Random Word Trivia Quiz #5

See how many of these random words you can guess the English and Chinese for!

 

1. A girl who acts or dresses like a boy. (noun)

2. The person you blame when something goes wrong, even if it’s not their fault. (noun)

3. A word used to describe food which makes you feel full quickly. (adjective)

4. Someone who knows a lot about China, its languages, culture, etc. (noun)

5. When you are the third person on a date you are a…? (noun)

6. Instead of doing your work you are being lazy and taking a nap. (verb)

7. You can’t walk well because you’ve damaged your leg or foot. (verb)

8. Your cheeks go red. (verb)

9. Without you knowing, someone has put a little microphone in your room to record your conversations. (verb)

10. You get food and money off your friends for free. (verb)

11. “Oh, my darling, my love for you will last forever and ever!” You hear this phrase in an overly romantic movie. What word would you use to describe it? (adjective)

12. You attend a class but you’re not actually enrolled in it. (verb)

13. The zipper of your trousers. (noun)

14. You can’t tell if that person is male or female. (adjective)

15. A man puts a knife to your throat and takes your wallet. (verb)

16. An ugly old woman. (noun)

 

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Answers:

1. English: tomboy. Chinese: 假小子 jiǎxiǎozi

2. English: scapegoat. Chinese: 替罪羊 tìzuìyáng

3. English: filling. Chinese: 很撑 hěn chēng

4. English: Sinologist; China hand; China watcher. Chinese: 中国通 Zhōngguótōng

5. English: third-wheel. Chinese: 灯泡 dēngpào

6. English: to slack off. Chinese: 偷懒 tōulǎn

7. English: to limp. Chinese: 走路一拐一拐 zǒulù yī guǎi yī guǎi

8. English: to blush. Chinese: 脸红 liǎnhóng

9. English: to bug (of a room or telephone line); to tap (of a telephone line). Chinese: 窃听 qiètīng

10. English: to mooch. Chinese: 白吃 báichī  (of food); 讨钱花 tǎo qián huā (of money)

11. English: corny. Chinese: 肉麻 ròumá

12. English: to sit in a class; to audit a class (formal). Chinese: 旁听 pángtīng

13. English: fly. Chinese: 裤子的拉链 kùzi de lāliàn; 裤门儿 kùménr

14. English: androgynous. Chinese: 中性的 zhōngxìng de

15. English: to rob sb; to mug sb. Chinese: 抢劫 qiǎngjié

16. English: hag. Chinese: 黄脸婆 huángliǎnpó; 老太婆 lǎotàipó

7 Comments to "Random Word Trivia Quiz #5"

  1. 郝先生's Gravatar 郝先生
    30/03/2012 - 1:36 am | Permalink

    For #5, I think most Americans would say fifth wheel. Most Taiwanese would say 電燈泡.

    For #16, to American ears at least, “hag” is a lot more perjorative than 老太婆 would be.

  2. 31/03/2012 - 12:36 am | Permalink

    #11
    schmaltzy, melodramatic, mushy

    #16
    Crone? I think hag is the most common, although it is indeed offensive.

  3. Muir's Gravatar Muir
    31/03/2012 - 4:13 pm | Permalink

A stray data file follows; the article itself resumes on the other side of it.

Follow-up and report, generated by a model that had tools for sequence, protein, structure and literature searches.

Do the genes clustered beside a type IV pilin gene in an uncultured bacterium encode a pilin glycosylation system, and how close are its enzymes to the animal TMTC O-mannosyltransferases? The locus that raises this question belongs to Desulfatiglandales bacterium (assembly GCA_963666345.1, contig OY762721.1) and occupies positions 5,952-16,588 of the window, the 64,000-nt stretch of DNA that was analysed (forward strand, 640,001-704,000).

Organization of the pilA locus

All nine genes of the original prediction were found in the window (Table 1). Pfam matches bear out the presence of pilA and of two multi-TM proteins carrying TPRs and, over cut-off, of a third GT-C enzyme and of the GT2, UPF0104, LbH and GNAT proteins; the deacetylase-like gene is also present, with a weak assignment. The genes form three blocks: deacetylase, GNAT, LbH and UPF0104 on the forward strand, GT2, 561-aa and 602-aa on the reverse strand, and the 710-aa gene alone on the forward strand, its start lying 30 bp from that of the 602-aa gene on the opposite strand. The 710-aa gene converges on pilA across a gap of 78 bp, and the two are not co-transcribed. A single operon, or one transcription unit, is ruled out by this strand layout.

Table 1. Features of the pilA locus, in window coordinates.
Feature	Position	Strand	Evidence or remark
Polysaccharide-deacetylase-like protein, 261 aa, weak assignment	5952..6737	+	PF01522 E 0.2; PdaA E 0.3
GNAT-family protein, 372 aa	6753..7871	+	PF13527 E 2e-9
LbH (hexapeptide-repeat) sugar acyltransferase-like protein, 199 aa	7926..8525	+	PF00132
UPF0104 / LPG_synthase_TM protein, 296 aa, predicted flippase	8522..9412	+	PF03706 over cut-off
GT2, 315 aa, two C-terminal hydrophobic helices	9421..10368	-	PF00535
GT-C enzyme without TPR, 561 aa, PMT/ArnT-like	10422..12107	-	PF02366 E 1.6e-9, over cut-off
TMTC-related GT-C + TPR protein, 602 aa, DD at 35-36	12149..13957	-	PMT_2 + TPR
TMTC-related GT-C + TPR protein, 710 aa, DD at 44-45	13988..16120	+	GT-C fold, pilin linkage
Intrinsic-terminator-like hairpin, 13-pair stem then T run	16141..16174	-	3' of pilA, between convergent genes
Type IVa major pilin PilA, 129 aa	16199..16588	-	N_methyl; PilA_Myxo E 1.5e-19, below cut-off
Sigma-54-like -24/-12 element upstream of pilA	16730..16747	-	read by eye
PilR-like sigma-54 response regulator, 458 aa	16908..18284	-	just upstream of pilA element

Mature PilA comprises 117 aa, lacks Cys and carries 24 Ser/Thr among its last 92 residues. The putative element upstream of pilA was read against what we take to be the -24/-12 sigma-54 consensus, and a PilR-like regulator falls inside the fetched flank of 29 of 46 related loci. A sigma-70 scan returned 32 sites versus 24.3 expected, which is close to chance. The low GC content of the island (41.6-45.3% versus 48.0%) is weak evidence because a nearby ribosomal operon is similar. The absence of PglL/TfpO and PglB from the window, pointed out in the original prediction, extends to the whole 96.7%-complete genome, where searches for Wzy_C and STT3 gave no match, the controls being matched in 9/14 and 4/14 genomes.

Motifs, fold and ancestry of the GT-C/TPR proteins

For 2 I have also seen 替死鬼 (reading). For 7 I think 瘸 would work too (something like 瘸着走 maybe).

    灯泡 is a good one – it has always stuck with me since someone explained why it means what it means.

  4. Kaiwen's Gravatar Kaiwen
    01/04/2012 - 7:34 am | Permalink

    @郝先生 In Canada, definitely the third wheel — to me fifth wheel just sounds like a trailer.
    According to urbandictionary, fifth wheel is the odd man out on a double date; third wheel clearly is the odd one out with one couple.

    As for #11, my friend (non-Chinese speaker) and I were trying to figure this out the other day. I don’t feel like corny works for the specific romantic situation you’re describing. Chad’s suggestion of ‘mushy’ isn’t bad. However, we decided on “sappy”.

    If we’re coining new words: 肉麻ntic.

  5. 21/04/2012 - 12:45 pm | Permalink

    ‘Mooch’ isn’t in my active vocabulary. I think I would use ‘cadge’.

  6. Steven's Gravatar Steven
    30/05/2012 - 4:35 pm | Permalink

    As a native speaker of Chinese, 一瘸一拐 sounds better than 一拐一拐 to me.
    third-wheel would be more commonly referred to as 电灯泡
    #10 can also be 蹭吃蹭喝 (better than 白吃, I’ve never heard of 讨钱花 as an expression in itself)
    #14 In a derogatory way, we would say someone looks 不男不女
    We also express “fly” in an interesting way (fly itself is an interesting expression in English) 校门 , the same word for “school gate”.

  7. David Gale's Gravatar David Gale
    12/05/2013 - 12:28 pm | Permalink

    #13. In Taiwan a colloquialism to say “your fly is undone” is “你的石門水庫沒有關” (simpl. “你的石门水库没有关”) , in reference to the Shimen Dam – if you say this in front of any Taiwanese people you will get BIG brownie points

    #3. “Filling” I also know as “很有飽足感” – the one you wrote seems more slang, I haven’t heard it before.

    #11. Can also be “陳腔濫調” – which translates more as “cliche”

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